How Blockchain Is Changing Banking And Financial Services

Blockchain is not just disrupting the world. It is transforming it from all corners. The finance industry is one of the areas that this technology has been applied extensively. From the way payments are made to the manner in which investments are selected, blockchain is being felt in many corners of the financial world.

It is because of blockchain that digital assets are classified as a class. The most popular blockchain, bitcoin started it all. It created a digital code that cannot be copied. For the first time since the invention of bits and bytes, bitcoin made it possible to own something digital. Digital coin developers have introduced colored coins to act as company stock.

The story of blockchain has extended to appcoins’ and initial coin offerings’ (ICOs). Major efforts have been paid toward making digital assets a bearer instrument. But these are just a part of the blockchain story. Blockchain is driving major changes in finance and banking.

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HSBC’s Blockchain Project 2019

Recently, HSBC, one of the world’s biggest banks portrayed heavy application of blockchain-based tools in foreign exchange trades. According to Financial Times, the Forex dealing heavy hitter has used blockchain technology to process 3 million FX transactions (worth $250 billion). Although $250 billion is just a little portion of the Forex market, HSBC’s initiative suggests that banks have started looking for solid applications of blockchain and cryptocurrencies.

Investors are diversifying their investment portfolios with high growth bank stocks eyeing incredible capital growth and dividends to be yielded by adoption of blockchain.

Let’s explore some of the areas in finance and banking that blockchain is under serious application.

  1. Global payments: Global payments attract transaction fees. A survey done in 2016 showed that the average fee then was 7.6 per cent of the transaction value. Blockchain and smart contracts have the potential to reduce these transaction fees by reducing the number of people needed to manage global payment transactions.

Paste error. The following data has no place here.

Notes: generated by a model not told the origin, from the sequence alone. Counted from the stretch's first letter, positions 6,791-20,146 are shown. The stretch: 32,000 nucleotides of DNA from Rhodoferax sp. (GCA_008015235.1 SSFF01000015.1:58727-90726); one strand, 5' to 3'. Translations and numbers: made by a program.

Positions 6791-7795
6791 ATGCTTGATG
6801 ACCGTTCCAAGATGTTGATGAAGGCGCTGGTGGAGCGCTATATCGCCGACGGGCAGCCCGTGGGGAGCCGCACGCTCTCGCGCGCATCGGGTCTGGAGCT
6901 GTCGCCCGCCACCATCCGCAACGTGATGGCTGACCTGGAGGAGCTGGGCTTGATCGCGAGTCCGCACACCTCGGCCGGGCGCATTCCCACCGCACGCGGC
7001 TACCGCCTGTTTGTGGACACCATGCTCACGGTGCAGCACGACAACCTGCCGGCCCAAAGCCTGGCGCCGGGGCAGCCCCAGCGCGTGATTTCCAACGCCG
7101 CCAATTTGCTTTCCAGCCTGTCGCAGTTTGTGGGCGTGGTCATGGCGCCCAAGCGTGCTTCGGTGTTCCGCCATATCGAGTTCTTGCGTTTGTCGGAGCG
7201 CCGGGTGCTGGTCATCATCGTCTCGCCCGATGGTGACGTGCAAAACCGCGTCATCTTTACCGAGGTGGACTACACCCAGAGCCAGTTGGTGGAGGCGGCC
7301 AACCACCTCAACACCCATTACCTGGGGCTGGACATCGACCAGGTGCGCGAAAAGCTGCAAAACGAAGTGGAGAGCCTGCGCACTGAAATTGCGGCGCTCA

2. Trade finance: Often, importers, and exporters require transaction verifications for them to complete global trade transactions. This makes global trade, and thus the practice of trade finance complicated. Blockchain technology has been used to speed up the process by allowing easier access to records and documents by all parties involved.
  3. Syndicated loans: Large loans taken by single borrowers have a higher risk profile and are a big concern for banks. Tracking capital, identities, and risks in the blockchain can help to mitigate the risks associated with these types of loans. Combined with smart contracts, blockchain could become an integral part of credit underwriting and decision-making.
  4. Insurance claims processing: The insurance claims function of insurance firms can be and has been subject to fraud. Information in smart contracts and the blockchain can enable agents to submit claims faster, and improve the speed at which the claims are reviewed. Since much of this work can be automated using machines, reviewers will not need to take a lot of time on each case.
  5. Clearing and settlement: Before blockchain and other efficiency-focused technologies, the time frame for transaction clearing and settlement was T+3, or three days after the transaction. Things have now changed, in that everything that happens in the lifecycle of a trade (execution, clearing, and settlement) all happen at the trading stage. When operating with a digital asset, trade is a settlement. Additionally, digital ownership and cryptographic keys mean lower counterparty risk and post-trade latency.

Can Blockchain Replace Banks?

Evidently, the applications of blockchain in banking are increasing every day. But there is a concern that continued adoption of blockchain could eventually make banks redundant. Governments and many users in the general public support the decentralization of blockchain. This would mean that we can securely make/receive payments and store money without having to involve a bank. The big question is why then would we need the traditional bank.

A report by Deloitte on how blockchain is transforming the banking sector indicated that the technology will significantly impact how financial services companies work but it will not entirely replace banks. Banks may become more efficient and less powerful. But they still have a role to play considering that there are other banking and investment solutions blockchain cannot provide.

Blockchain Adoption Is Not All The Way Smooth

There are some bumps along the way of adoption of blockchain in the financial services industry. The technology is exciting and believed to offer better, more efficient and more resilient solutions for the finance and banking sectors.

However, using blockchain is something more complicated than buying a new software application and running it immediately. At its core, blockchain is group recordkeeping that requires all group members to join the system. Collaborations within and across businesses (which is a hurdle already) are imperative for a successful application.

If you are interested in even more business-related articles and information from us here at Bit Rebels, then we have a lot to choose from.

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